Monday, 22 March 2010

My 50 favourite albums of the 2000s [5]

We are now, as Matt kindly pointed out in the comments section of this post, at the "pointy end" of the countdown. To prolong the inevitable, I will be only doing a single album per post for the top 5.

I hope you enjoy the rest of the countdown!

5. Wilco - Yankee Hotel Foxtrot (2002)

This album ticks many boxes in the as-yet-unwritten "classic albums" criterion.

It was a pretty radical reinvention
If this was the first Wilco album you had heard, you would find it pretty hard to believe that they started out as an alt-country band.

Wilco formed in 1994 from the ashes of Uncle Tupelo. They had subtle progression over the course of their first 3 albums: AM (1995) was as alt-country as you could get, Being there (1996) was an ambitious and genre-hopping double album, and Summerteeth (1999) added a lot of studio polish and overdubs to their sound (there were also a few collaborations with Billy Bragg on the excellent Mermaid avenue albums).

From the moment the surreal opener I am trying to break your heart hits your speakers or earphones, you know that your ears are in for a treat. Where previous albums were at their core collections of well-written and performed "pop songs", Yankee hotel foxtrot is a multi-faceted and complex masterpiece. Each listen reveals new sounds deep in the mix, yet it is still melodic enough and remains a pleasure to go back to again and again.

It was the band's best to date
Where each of their previous albums had their share of filler material, the quality level rarely dips here. There are catchy and accessible numbers (War on war, Heavy metal drummer, Pot kettle black), mellow laments (Radio cure, Reservations) and even some songs which hint at their country past (Ashes of American flags and the superb Jesus, etc).

There are also elements deep in the mix which constantly surprise the listener, from the titular CB radio transmission at the end of Poor places, the quirky instrumentation in I am trying to break your heart and the way some of the songs end abruptly in a sea of static. On the first few listens I actually thought something was wrong with my CD when this happened; I soon realised that it was intentional.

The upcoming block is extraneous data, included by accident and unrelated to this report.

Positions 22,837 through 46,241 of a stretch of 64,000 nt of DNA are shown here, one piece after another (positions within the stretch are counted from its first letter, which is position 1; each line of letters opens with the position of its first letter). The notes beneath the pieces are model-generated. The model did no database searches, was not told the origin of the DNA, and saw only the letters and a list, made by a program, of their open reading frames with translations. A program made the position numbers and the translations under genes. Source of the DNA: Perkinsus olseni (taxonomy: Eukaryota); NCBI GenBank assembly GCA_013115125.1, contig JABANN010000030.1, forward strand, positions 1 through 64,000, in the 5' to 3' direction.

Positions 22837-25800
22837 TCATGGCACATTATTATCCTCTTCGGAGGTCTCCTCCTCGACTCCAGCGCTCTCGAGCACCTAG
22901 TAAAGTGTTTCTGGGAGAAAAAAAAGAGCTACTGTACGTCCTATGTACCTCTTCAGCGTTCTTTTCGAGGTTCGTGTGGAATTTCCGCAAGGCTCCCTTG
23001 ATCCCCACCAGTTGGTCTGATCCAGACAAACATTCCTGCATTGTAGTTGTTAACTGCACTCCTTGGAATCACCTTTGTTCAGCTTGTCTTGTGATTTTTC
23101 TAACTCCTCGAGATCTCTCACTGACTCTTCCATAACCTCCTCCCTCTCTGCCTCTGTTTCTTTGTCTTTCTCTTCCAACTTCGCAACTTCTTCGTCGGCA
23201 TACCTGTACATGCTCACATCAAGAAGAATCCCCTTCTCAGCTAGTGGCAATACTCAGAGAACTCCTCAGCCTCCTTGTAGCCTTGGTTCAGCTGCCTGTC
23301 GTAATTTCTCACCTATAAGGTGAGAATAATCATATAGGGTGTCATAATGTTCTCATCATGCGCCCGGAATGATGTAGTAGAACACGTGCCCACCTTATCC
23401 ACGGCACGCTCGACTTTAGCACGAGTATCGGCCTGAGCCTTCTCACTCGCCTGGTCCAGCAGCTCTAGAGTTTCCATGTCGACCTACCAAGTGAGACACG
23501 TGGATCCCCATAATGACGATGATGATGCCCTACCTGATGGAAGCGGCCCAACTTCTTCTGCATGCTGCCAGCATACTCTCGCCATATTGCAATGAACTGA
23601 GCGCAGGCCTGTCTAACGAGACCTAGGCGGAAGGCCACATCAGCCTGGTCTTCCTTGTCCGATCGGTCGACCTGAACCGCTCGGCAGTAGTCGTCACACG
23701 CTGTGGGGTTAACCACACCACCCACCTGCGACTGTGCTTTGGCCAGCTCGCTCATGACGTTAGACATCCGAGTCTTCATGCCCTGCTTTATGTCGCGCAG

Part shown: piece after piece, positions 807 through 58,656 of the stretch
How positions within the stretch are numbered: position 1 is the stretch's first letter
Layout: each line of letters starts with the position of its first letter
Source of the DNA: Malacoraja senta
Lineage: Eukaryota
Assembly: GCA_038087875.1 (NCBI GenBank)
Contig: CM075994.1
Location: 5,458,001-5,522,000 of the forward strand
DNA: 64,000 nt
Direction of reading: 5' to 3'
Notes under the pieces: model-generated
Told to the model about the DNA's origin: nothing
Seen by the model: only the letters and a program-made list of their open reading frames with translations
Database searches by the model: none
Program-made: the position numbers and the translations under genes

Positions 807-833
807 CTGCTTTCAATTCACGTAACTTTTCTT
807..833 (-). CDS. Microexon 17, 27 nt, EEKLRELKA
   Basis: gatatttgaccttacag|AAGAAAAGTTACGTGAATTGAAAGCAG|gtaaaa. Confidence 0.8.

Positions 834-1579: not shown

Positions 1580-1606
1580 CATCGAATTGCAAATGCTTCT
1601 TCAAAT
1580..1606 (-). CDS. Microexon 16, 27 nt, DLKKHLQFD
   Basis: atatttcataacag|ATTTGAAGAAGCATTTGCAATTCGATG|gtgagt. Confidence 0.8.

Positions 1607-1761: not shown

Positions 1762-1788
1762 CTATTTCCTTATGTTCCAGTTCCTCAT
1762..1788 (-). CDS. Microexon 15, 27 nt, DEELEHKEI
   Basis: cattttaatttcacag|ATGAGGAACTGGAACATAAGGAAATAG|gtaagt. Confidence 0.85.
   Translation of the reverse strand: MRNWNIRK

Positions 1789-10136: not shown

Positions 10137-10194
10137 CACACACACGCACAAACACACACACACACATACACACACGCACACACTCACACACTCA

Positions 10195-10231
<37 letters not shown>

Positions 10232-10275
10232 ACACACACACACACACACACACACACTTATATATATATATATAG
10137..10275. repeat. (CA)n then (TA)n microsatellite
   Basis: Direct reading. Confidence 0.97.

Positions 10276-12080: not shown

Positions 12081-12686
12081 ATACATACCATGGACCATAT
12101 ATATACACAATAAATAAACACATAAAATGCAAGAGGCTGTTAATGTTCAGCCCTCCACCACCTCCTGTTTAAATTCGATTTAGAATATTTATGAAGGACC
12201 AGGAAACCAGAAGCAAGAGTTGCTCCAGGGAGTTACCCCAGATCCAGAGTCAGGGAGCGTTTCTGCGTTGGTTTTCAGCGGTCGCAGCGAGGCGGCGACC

It's the intersection of accessibility and innovation which made this album so impressive when it came out, and it still remains a compelling listen today.

Later albums couldn't match this one
I've talked briefly about their earlier albums, but this album still stands head-and-shoulders above anything they have since released. A ghost is born (2004) came pretty close but sometimes got caught up in its own pretension, and some songs were clearly big mistakes. Sky blue sky (2007) was too MOR for my liking. I have only heard their latest Wilco (The album) (2009) a few times and I'm not convinced it is going to give this album a run for its money.

I will be pleasantly surprised if Wilco ever manage to top this career peak.

It had an awesome back story
To cut a long story short: their previous record label (Reprise) refused to release this album when they heard it in 2001, considering it too left-field and not commercial enough. Wilco subsequently left the label, acquiring the rights to the record. After a particularly dark period (captured in the awesome documentary I am trying to break your heart) they sold the distribution rights to Nonesuch records.

So why is this so interesting? The whole story is particularly amusing because both the Reprise and Nonesuch record labels are operated through the same parent label of Warner Brothers. Indirectly, Warner Brothers paid for the same album twice.

Jim O'Rourke
This album was co-produced to perfection by the legendary musician/producer Jim O'Rourke, who was once a member of Sonic Youth and has also released a few critically-acclaimed solo albums. I have written before about the nasty industry trend of dynamic range compression, and Jim O'Rourke is one of the few producers out there who is "keeping it real" in his production work.

And you can hear it in the mix of this album; O'Rourke treats the music with utmost respect, allowing the instruments to breathe, maintaining the dynamics of the sound and ensuring that every recorded note remains a pleasure to listen to. O'Rourke set an incredibly high production benchmark for the decade here, which makes the downward spiral of production quality over the remainder of the decade even more difficult to handle.

Just listen to the opening song a few times, and be prepared to notice things on the third listen that you weren't even aware of the first time around. It subtle touches like this that elevate this album from merely great to one of the best of the decade.

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